You’ve made no secret of your dream to represent the British team in Beijing 2022. Despite being so far away has the preparation already begun?
It began the day I got selected in 2015. Even when I was long-listed for selected for PyeongChang that would have served as preparation. I am always striving to improve on lots of aspects and it’s all focussed on putting myself into contention for selection in 2022 and then getting on the podium.
You’ve previously been fortunate enough to compete in Altenberg, St Moritz, Lillehammer and Konigssee. These are some of the most beautiful locations in Europe. Out of all of the places that Skeleton has taken you, do you have a favourite?
We travel to some of the most beautiful places to train and race; I’m obsessed with a good mountain view. St. Moritz is probably my favourite as it’s a stunning place with so much history and reputation. The track is also completely natural, built every Christmas from snow and ice whereas all the other tracks are big concrete structures. It is really special and unique, sliding there is an absolute joy. Lillehammer will always be up there too, it was once a huge personal challenge just to get down that track and now it is probably one of my strongest. So it represents the growth and development I have shown since starting the sport.
Königsee, Berchtesgaden, Germany
La Plagne, France.
With all the training, competing and travelling, do you get to return to the south coast very much?
Not as much as I’d like, especially over the winter time. I miss the beaches on the IOW so much on hot days in Bath! A park just isn’t the same. However, I am home a lot more compared to when I was living in Scotland so I can’t complain.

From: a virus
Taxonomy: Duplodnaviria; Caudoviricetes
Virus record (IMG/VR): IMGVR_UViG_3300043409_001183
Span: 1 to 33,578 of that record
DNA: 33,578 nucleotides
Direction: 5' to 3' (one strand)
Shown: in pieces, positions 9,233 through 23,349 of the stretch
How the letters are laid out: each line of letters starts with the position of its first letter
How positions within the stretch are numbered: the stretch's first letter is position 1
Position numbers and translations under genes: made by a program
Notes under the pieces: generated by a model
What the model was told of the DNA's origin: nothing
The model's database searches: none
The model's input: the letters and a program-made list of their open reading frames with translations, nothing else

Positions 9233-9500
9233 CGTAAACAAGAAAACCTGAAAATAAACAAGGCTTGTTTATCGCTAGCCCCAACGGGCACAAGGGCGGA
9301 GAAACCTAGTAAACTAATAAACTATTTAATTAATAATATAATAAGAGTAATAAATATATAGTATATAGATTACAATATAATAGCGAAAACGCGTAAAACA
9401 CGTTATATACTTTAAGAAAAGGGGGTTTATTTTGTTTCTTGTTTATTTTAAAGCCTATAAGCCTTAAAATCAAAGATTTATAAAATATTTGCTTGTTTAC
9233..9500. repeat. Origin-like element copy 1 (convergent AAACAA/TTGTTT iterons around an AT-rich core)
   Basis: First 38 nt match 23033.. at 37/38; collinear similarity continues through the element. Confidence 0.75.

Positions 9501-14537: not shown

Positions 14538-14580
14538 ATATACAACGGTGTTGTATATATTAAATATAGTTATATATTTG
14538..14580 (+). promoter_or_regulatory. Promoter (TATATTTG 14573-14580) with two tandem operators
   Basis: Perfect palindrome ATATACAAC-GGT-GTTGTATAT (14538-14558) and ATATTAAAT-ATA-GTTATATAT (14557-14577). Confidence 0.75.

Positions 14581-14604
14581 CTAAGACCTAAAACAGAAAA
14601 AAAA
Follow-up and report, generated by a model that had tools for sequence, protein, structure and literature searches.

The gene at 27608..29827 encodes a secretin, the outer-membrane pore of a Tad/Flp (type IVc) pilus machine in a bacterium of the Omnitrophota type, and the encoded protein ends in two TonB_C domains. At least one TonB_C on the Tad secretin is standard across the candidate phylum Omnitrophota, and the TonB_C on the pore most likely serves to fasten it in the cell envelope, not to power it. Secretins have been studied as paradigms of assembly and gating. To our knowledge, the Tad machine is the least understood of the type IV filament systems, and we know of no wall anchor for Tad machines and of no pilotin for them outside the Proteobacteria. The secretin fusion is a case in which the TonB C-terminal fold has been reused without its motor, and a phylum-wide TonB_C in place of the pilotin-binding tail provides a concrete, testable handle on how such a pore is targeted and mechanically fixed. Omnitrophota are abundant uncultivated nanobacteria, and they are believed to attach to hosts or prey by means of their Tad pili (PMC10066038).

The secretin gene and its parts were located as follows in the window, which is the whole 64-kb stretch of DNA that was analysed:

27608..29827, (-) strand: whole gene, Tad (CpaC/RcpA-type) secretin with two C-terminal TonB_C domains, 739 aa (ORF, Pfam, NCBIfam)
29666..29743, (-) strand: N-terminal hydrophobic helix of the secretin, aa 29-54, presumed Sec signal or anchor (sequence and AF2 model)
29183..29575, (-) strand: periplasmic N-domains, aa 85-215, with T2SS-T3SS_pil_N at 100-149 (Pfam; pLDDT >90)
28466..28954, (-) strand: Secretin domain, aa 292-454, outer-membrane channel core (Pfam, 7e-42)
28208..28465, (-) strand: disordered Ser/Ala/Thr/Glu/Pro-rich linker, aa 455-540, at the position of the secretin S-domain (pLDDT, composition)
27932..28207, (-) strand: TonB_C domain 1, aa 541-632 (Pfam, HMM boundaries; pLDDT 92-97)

You’ve said on your BBSA bio that you are a fan of Years and Years. Are we likely to see you back on Southsea Common for their performance at Victorious Festival this summer?
Festivals are one of my favourite events to attend, however they don’t make training too fun the following week. I have to be careful about how I spend my free time as it doesn’t take much to tip over the edge and pick up an injury which every athlete hates. I used to go to Bestival and Isle of Wight Festival every year; I love the liberation you feel in the crowds, with everyone united in appreciation for the music. Unfortunately I have no festival plans this year; although now you mention Victorious I am going to go check out the dates!
Good luck Kim, we’ll be closely following your journey to China!
If you would like to know more about Kimberley, the Skeleton, Winter Olympics, her training regime or whatever you’d like to ask her then you can catch Kim at the Fitness Festival in the afternoon. Find out more over on their website and social media pages which are linked below.